At her high school, she says all she hears is, “It’s not on the End of Course Test so don’t teach it…our focus is the EOCT.”
Her question to me was: “I thought no one was to know what was on those tests? The kids are getting a buckshot education…a lot of little facts scattered about with nothing to pull them together. Frustrating.”
With that comment as a backdrop, I would like to share an op-ed by Stephanie Jones, an associate professor and graduate coordinator in the Department of Elementary and Social Studies Education at the University of Georgia and co-director of the CLASSroom Project at UGA
I thought the teacher’s comment and Jones’ piece intersect on the point of scripted and restrained teaching;
By Stephanie Jones
What’s the low morale and crying about in education these days? Mandatory dehumanization and emotional policy-making – that’s what.
The first murmurs I heard about teachers in crisis came from a principal several years ago. Teachers were streaming into his office seeking counseling services. Many were taking anti-depressants. Some couldn’t sleep at night, and some were so anxious and stressed they were worried their families would suffer irreparable damage.
Teachers enter the profession to do what is best for the students in front of them and for society at large. They earn degrees, immersed in rigorous study of how and why humans learn, how to individualize instruction, and how to inspire lifelong learning and engaged citizenship.
But individualization, inspiration, and engagement aren’t in current policies, and neither is teachers’ professional knowledge. Instead teachers must follow pacing guides and move on with assignments regardless of whether students are beyond or behind. Anyone can walk into a teacher’s classroom at any moment and evaluate whether the teacher is following the one-size-fits-all program with “fidelity” and “full compliance.”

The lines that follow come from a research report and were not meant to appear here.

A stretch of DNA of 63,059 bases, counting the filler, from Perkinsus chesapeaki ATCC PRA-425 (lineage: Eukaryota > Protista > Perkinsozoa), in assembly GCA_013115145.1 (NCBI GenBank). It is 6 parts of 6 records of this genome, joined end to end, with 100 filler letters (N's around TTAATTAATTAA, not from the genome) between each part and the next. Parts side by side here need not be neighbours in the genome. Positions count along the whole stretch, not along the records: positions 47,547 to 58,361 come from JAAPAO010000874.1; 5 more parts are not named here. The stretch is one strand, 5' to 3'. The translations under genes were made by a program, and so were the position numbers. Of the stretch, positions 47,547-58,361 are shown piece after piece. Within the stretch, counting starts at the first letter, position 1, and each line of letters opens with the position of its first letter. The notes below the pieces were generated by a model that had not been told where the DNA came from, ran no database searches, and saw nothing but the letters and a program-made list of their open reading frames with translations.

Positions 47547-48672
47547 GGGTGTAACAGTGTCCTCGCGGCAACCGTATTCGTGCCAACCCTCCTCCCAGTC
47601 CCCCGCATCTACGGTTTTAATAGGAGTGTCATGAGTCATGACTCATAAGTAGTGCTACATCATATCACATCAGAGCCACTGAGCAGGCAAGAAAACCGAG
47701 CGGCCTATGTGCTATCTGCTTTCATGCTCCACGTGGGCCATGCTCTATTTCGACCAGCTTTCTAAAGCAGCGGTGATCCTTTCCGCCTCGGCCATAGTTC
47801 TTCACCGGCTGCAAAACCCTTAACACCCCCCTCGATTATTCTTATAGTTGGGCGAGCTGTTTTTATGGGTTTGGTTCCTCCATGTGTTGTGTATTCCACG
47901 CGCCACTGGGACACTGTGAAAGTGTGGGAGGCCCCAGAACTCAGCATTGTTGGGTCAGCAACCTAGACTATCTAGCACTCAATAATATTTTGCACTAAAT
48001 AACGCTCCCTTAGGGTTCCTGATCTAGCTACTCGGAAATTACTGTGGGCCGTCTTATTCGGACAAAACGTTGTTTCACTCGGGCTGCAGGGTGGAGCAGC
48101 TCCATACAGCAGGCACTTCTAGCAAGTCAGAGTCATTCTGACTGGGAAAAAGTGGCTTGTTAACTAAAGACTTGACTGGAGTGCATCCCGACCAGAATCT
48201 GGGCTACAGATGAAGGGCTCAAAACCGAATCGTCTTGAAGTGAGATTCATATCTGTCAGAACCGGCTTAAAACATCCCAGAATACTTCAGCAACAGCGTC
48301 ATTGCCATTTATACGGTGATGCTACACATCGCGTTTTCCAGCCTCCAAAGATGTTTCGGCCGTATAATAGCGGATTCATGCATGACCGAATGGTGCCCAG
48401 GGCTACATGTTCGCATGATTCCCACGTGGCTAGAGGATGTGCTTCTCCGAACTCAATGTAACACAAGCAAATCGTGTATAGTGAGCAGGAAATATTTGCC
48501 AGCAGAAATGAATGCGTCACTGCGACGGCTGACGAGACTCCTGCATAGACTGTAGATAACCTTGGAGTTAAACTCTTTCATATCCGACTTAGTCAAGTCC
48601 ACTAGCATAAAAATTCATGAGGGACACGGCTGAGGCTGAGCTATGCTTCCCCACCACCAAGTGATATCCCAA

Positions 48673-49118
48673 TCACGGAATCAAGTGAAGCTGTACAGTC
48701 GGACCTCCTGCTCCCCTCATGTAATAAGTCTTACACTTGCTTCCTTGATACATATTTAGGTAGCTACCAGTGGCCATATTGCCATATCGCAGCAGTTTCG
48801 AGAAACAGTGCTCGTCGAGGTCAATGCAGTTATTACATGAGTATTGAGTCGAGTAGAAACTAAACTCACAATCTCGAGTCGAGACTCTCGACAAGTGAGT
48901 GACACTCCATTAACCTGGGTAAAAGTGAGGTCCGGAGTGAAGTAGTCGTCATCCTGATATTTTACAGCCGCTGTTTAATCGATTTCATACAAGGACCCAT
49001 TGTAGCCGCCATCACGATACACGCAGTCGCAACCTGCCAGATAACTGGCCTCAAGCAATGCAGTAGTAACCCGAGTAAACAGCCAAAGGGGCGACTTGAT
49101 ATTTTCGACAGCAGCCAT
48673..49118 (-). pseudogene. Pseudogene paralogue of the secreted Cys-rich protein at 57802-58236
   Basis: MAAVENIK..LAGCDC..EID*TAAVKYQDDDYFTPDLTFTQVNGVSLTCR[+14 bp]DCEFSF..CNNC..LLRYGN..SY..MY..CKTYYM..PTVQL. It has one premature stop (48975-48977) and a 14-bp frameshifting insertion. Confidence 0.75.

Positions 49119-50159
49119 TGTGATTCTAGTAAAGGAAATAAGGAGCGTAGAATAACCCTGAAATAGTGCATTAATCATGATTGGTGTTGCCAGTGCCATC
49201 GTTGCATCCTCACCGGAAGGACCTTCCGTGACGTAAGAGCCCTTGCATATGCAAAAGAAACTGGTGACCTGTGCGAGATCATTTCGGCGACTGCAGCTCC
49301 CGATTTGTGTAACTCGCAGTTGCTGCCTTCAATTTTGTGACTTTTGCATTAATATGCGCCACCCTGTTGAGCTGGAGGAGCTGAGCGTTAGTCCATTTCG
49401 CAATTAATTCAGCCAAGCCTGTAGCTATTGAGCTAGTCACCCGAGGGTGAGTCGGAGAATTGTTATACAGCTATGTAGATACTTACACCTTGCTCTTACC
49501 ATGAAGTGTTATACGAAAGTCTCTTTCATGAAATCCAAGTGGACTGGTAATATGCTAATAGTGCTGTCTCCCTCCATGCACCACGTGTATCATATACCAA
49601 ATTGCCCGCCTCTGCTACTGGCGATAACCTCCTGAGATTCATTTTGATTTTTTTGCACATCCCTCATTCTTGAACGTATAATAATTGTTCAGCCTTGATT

The choices are soul-crushing: 1) Slow down, teach creatively and get students excited about a topic, but fall behind the pacing guide and receive a poor evaluation and possible humiliation and job loss; or 2) Move on with the pacing guide and ignore students’ pleas for help or their yearning to learn more, and evaluations might be fine, but students suffer.
Most teachers do a little of both, but their no-win situation is devastating. And when students’ needs aren’t met because teachers are following mandates, they also cry or cry out in other ways.
I’ve witnessed sobbing children in school, tears streaking cheeks. Their bodies rejecting the relentless mistreatment they receive from impersonal curriculum, strict limitations on socializing and movement, and harsh punishments for child-like behavior. Students reject dehumanization.
When children hold it together at school they often fall apart at home. Yelling, slamming doors, wetting the bed, having bad dreams, begging parents not to send them back to school.
Some parents seek therapy for their children. More parents than ever feel pressured to medicate their children so they can make it through school days. Others make the gut-wrenching decision to pull their children from public schools to protect their dignity, sanity, and souls. Desperate parents choose routes they have never considered: homeschooling, co-op schooling, or when they can afford it, private schooling. But most parents suffer in silence, managing constant family conflict.
Some people might say that crying is an expression of emotion and that it ought to be kept private. Some might even say crying is a sign of irrationality, of over-sensitivity, of hysteria – all insults used to pathologize women (most teachers and all mothers) for at least 100 years.
However, teachers, students, and parents are not the only emotional players in the unbearable game of school.
Policy makers are emotional. Punitive policies forcing the impossible combination of rigidity and test-based accountability are produced out of fear, anger, distrust, and arrogance. They are written in an irrational effort to control the bodies that fill schools every day.
But policy makers don’t have to endure the physical and psychological effects of their policies – those of us in schools do.
It’s time to stand in solidarity against mandated dehumanization in one-size-fits-all schooling and against over-emotional policy makers who have a reckless stranglehold on schools. Demand that humanity be returned to teachers, students, and parents who know how to make schools dynamic, inspirational places where everyone can thrive.
–From Maureen Downey, for the AJC Get Schooled blog